Background Violence is a public health problem that keep affecting many countries around the world. Colombia, for many years has been immersed an armed conflict, and Mexico, in recent years, has been facing a critical situation associated with drug traffics. The objective was to analyze and compare patterns of mortality trends between Colombia and Mexico, between 2000–2015 years.
Methods A comparative longitudinal study is used, along with data provided by the National Statistics from both countries. Causes related to violent mortality were analyzed. A comparative analysis was made by country, year, age groups, cause and sex. Multivariate analysis was done by country as dependent variable adjusted for sex, age groups and mortality cause.
Findings There were 5 76 994 homicides, 55.6% of death occurred in Colombia: The main causes of death were firearms (Colombia:82%, Mexico:62%). Strangulation was bigger in Mexico (7.5%) compared to Colombia (1.5%). In 2000 the risk of violent death was six times higher in Colombia/Mexico, in 2015 it was reduced to 1.5 times. In Mexico between 2006–2011 there was an increase of up to 150% in mortality due to this cause. The most affected victims have been men in productive age, where the death was caused by firearm and by sharp weapons.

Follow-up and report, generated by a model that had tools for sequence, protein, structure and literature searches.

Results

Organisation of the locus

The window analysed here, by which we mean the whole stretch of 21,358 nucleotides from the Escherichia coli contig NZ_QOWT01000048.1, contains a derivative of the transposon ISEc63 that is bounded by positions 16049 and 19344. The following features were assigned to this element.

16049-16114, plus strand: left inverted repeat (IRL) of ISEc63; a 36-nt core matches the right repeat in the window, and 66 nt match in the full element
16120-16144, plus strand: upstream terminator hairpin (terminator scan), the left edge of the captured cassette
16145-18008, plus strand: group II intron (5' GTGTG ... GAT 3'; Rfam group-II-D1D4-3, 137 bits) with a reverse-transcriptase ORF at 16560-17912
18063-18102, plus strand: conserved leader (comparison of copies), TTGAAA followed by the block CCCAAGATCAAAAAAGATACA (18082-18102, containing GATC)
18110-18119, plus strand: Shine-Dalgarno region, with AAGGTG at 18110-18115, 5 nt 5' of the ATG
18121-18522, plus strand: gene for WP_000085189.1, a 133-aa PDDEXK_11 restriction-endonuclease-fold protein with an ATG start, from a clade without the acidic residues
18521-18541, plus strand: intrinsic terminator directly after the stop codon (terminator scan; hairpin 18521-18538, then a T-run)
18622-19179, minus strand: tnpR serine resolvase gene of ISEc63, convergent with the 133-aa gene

Conclusions and policy implications The increase of violent mortality in Mexico has been related to the fight against different drug traffics groups and others outside the law; in this country, homicides suggest more suffering. In Colombia, it seems that public policy measures, such as the restriction on carrying illegal weapons and security policies, introduced in 2003, generating declines in mortality violent. Both countries need to professionalize their police forces; they must continue working to diminish the circles of impunity, corruption, weaknesses of the justice system, lack of authority, and to strengthen the presence of the state in marginalized regions.
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